What I didn’t realize on my way to the rally was the national implications of the Wisconsin protests. I admit that in my head, as I walked toward the Capitol, I expected to see a lot of students, teaching assistants, teachers and soccer moms.
Upon reaching the Capitol, I was shocked to see that the crowd was nothing like I had imagined. For starters, the Square was packed like I’ve never seen it before (even on the most beautiful summer day for the weekly Saturday farmers’ market). The idea that I would be able to find my colleagues became instantly laughable (and, in fact, I never ran into a single person I knew). There were clearly students sprinkled throughout the crowd, but the vast majority seemed to be working-class and middle-class people: taxi drivers, construction workers, maintenance workers, prison guards etc
Then I saw members of the police union marching around the Square, and, later, a seemingly endless parade of firefighters went by, all expressing solidarity with the workers at the Capitol even though their collective bargaining rights were not at risk. When the crowd applauded, I got chills.
It was the appearance of the firefighters, in their matching shirts, that really triggered something in my head. This protest was way bigger than I had imagined.
Walker’s “budget repair bill” isn’t about deficits in Wisconsin. In fact, a nonpartisan commission found that the deficits are not severe and do not require any kind of austerity action. And what is the main cause of the current budget shortfall? Walker’s own tax cuts. In other words, the new governor created this “problem,” and now, conveniently, he is offering a solution.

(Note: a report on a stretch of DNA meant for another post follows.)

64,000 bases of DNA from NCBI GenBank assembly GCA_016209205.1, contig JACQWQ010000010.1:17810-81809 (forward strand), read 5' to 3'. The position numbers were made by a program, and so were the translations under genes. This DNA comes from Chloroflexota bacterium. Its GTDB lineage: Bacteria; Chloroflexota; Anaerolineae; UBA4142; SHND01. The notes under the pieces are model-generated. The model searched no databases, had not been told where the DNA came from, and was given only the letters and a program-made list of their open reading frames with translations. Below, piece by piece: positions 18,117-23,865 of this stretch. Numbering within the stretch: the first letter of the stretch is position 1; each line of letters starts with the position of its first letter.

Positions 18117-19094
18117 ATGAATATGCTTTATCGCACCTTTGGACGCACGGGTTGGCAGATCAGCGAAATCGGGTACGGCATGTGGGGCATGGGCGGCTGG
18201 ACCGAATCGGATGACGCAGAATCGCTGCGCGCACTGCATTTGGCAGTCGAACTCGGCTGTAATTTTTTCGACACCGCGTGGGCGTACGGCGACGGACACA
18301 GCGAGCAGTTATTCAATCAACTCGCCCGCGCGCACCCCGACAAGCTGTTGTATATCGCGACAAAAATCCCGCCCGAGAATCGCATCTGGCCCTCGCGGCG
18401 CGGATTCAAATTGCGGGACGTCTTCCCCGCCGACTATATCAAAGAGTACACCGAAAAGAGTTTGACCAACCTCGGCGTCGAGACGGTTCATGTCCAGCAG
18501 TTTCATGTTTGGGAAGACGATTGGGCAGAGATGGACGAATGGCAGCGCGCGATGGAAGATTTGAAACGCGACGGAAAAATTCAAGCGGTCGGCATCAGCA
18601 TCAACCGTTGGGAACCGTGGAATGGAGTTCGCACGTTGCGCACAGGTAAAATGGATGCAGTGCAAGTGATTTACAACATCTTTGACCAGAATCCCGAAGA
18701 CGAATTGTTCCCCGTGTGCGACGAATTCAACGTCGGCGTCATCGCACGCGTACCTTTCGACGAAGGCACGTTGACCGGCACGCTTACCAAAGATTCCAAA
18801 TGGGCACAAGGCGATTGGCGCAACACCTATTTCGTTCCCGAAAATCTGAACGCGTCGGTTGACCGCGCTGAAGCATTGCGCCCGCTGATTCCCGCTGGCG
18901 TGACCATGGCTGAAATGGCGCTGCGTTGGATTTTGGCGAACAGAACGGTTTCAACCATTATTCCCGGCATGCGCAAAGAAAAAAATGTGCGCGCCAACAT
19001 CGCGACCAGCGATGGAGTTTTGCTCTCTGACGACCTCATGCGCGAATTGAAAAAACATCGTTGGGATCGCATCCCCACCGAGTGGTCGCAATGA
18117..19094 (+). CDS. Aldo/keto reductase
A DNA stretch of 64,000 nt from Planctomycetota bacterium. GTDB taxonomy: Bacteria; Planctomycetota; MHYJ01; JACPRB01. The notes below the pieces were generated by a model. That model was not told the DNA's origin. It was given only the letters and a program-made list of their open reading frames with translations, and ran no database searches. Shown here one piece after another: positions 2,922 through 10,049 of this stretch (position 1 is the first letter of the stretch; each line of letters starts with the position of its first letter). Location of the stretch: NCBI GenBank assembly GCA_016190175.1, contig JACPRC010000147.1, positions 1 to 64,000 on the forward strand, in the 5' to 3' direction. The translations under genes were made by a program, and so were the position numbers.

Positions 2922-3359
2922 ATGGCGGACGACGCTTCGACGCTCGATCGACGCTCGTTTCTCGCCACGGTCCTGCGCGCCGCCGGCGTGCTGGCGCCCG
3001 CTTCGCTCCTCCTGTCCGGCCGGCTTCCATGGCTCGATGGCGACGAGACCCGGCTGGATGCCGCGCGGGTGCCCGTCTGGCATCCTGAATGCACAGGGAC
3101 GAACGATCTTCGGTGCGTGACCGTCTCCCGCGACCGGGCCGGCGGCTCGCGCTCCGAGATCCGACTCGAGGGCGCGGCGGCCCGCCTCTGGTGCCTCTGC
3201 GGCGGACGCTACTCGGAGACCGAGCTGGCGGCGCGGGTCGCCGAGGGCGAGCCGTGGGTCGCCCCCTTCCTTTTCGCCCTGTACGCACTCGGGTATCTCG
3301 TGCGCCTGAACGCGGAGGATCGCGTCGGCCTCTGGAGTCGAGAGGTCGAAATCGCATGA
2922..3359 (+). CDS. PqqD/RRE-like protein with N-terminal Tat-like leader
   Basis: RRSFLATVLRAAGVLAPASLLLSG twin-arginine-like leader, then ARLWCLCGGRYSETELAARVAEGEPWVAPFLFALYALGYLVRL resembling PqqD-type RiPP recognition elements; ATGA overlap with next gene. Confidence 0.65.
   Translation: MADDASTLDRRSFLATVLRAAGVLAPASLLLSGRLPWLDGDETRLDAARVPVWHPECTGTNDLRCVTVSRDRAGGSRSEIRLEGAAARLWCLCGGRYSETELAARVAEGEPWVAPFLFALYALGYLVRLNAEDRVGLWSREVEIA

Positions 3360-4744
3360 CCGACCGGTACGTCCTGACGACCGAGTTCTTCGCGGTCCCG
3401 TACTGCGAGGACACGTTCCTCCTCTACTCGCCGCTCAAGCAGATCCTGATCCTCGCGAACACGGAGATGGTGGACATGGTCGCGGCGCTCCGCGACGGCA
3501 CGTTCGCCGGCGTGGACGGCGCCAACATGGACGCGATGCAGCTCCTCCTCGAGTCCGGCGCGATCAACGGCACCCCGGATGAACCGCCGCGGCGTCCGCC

Only, his solution has nothing to do with the alleged problem. Instead, it’s an attack on state employee unions. Walker is using the concocted budget issue as a smokescreen to eliminate the collective bargaining rights of unions, a long-time item on the right-wing wish list. He is trying to eliminate five decades of collective bargaining rights in one week.
Noam Chomsky says in an interview to Demecracy Now
there’s been a wave of propaganda over the last couple of months, which is pretty impressive to watch, trying to deflect attention away from those who actually created the economic crisis, like Goldman Sachs, Citigroup, JPMorgan Chase, their associates in the government who—Federal Reserve and others—let all this go on and helped it.
The CEO of Goldman Sachs, Lloyd Blankfein, got a $12.5 million bonus, and his base pay was more than tripled. Well, that means he—the rules of corporate governments have been modified in the last 30 years by the U.S. government to allow the chief executive officer to pretty much set their own salaries. There’s various ways in which this has been done, but it’s government policy. And one of the effects of it is—people talk about inequality, but what’s a little less recognized is that although there is extreme inequality, it’s mostly because of the top tiny fraction of the population, so like a fraction of one percent of the population, their wealth has just shot through the stratosphere.
A proposal to end collective bargaining rights for public sector workers is not a serious policy recommendation to pull a state out of a fiscal crisis. Rather, it is an attempt to shift the debate on where blame for massive budget deficits and fiscal crises should lie. Instead of blaming massive Tax cuts for the rich and lax Federal Laws which allowed un restricted profit making in Wall Street, Public Workers like Teachers,Nurses,Fire fighters and Police are being blamed for the crisis..
It will take a massive people’s movement that includes all unions, private and public, as well as other sectors of the progressive movement to succesfully fight against the scapegoating of working people as the culprits of a crisis they had nothing to do with.